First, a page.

Another Letter From A Solider In Iraq — On Elections

From RWN reader RtWingNtCase,

Wow, provincial elections are over and now I can take a breath. At least until we gear back into registering SoIZ (Sons of Iraq) again.

I’ve been able to kind of follow the news over here and was stunned to see that the Republicans held together against the Stimulus Plan. I don’t know why they’ve picked now, however, to find their fiscal roots since they spent like drunken sailors when they had actual power. Imagine what we could have done with some spending discipline until now!

We’ve all been totally stoked over the elections. We were real worried because most of us figure this is basically AQI/ISI’s (Al Qaeda/ISI’s) last real chance to influence things. Sure, there will be district elections this summer and national elections near the end of the year, but this one was run almost exclusively by the Iraqis. We provided ISR (intelligence, surveillance and reconnaissance) and a quick reaction force if asked for, but they never asked. Our patrols were on the street, but there were almost no small arms fire incidents and I think only a few IEDs the whole day across a VERY large area (I’m up in MND-N). And these things produced no casualties.

We exceeded the national vote average up here in MND-N, and Sal ad Din, one of the Sunni bastions, had the highest turnout in the country. Remember that the Sunnis boycotted the elections in 2005, and then found out that was a really stupid idea when they had no power on any of the councils that can get stuff done. They came out in force this time and participated rather than throwing bombs. Most that I spoke to talked about this being their chance to shape their future.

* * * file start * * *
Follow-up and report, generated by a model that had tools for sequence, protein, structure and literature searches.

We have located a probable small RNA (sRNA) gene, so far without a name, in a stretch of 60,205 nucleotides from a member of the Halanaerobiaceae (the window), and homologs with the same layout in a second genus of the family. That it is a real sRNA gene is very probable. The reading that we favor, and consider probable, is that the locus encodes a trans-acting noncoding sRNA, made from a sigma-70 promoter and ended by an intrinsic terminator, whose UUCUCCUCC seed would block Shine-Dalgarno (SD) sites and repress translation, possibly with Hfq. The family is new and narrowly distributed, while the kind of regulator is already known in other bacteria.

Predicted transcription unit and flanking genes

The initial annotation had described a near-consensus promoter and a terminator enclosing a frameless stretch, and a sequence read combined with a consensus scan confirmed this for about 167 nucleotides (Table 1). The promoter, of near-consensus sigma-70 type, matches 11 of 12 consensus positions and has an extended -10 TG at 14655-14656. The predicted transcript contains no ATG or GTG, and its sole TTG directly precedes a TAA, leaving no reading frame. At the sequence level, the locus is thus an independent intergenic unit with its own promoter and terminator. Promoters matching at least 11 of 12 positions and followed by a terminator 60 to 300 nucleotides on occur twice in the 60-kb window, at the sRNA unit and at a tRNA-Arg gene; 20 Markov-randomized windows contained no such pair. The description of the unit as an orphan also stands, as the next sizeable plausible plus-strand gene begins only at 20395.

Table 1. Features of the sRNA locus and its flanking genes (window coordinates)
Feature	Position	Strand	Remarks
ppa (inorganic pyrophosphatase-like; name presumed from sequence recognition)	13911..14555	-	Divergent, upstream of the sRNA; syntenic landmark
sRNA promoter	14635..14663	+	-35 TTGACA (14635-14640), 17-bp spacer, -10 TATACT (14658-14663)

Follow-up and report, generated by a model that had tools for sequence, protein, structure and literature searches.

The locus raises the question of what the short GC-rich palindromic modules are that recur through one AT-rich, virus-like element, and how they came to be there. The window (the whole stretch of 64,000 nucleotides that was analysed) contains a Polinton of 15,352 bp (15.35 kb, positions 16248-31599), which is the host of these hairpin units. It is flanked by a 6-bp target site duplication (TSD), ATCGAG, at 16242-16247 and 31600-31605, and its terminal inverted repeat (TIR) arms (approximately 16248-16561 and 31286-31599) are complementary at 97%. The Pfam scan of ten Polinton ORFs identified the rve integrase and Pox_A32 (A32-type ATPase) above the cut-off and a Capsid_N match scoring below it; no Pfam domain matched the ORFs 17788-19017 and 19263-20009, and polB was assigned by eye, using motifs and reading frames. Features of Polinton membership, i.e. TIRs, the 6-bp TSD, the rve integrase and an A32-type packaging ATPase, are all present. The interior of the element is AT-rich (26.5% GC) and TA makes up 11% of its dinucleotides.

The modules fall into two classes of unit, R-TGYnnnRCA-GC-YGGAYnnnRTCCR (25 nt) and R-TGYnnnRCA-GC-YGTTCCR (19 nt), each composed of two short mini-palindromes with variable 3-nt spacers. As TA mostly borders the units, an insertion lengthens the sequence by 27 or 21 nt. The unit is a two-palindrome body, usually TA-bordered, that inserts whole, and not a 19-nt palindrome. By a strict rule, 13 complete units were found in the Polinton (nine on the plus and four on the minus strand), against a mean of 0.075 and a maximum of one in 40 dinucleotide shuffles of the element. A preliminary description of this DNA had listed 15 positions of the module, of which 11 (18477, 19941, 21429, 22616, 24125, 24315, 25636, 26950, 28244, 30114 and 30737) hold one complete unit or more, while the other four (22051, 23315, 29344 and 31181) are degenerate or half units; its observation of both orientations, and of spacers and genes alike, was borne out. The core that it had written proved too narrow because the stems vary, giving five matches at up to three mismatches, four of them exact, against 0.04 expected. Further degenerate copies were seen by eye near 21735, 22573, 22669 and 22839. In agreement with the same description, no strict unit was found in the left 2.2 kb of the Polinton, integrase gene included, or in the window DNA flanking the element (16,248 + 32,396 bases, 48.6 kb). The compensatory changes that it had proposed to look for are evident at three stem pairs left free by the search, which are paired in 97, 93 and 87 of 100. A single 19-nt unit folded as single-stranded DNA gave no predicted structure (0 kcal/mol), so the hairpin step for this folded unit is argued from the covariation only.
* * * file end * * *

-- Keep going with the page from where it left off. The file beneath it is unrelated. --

That’s not to say there weren’t some issues. Some folks who weren’t registered tried to vote and weren’t allowed to do so, and they held a few protests around the area (mostly in Diyala Province). But they dispersed peacefully. Somebody for AFP tried to say folks stormed a polling center, but we had guys around there and they asked, “What?” Basically, unregistered folks were turned away and yelled at some IHEC officials, but no one got violent about it.

Our next worry is election results. We really take for granted the peaceful transfer of power we have in the United States. That tradition doesn’t exist over here – power has never been given, always taken. And usually violently. So they’re learning new things. We see how heated things can get at home when results are different than expected, so we want to see how easily folks will step down who’ve been ousted, and how those who were “absolutely sure” they would win will handle getting beaten.

I’m going to say that I, personally, think the insurgency is dead. It has become a minor irritant but possesses no power to take over the country. It’s too splintered and the ISF (Iraqi Security Forces) are too much in charge now. The biggest thing we’re starting to focus on here now is the tension over Article 140 with the Kurds and the (Government of Iraq). If anything blows up, that’ll be it. The Kurds have their area, but there is a large swath that is in dispute. The Kurds claim it was “Arabized” by Saddam and they want it back for cultural reasons, so I’m certain (please note the sarcastic tone here) that the massive oilfields under the disputed area hold no sway over their judgment. We’ve managed to keep them talking rather than fighting, so there’s hope, but this takes the whole “yankee/rebel” thing to new heights. We may joke about “The South Shall Rise Again!”, but it’s usually in jest. They don’t joke about that stuff over here. If there’s a flashpoint left, this is it.

Thanks for listening to my ramblings. BTW, maybe we can fund the next phase of this thing by getting the back taxes from the folks who’ve been nominated for cabinet positions.

aka – RtWingNtCase

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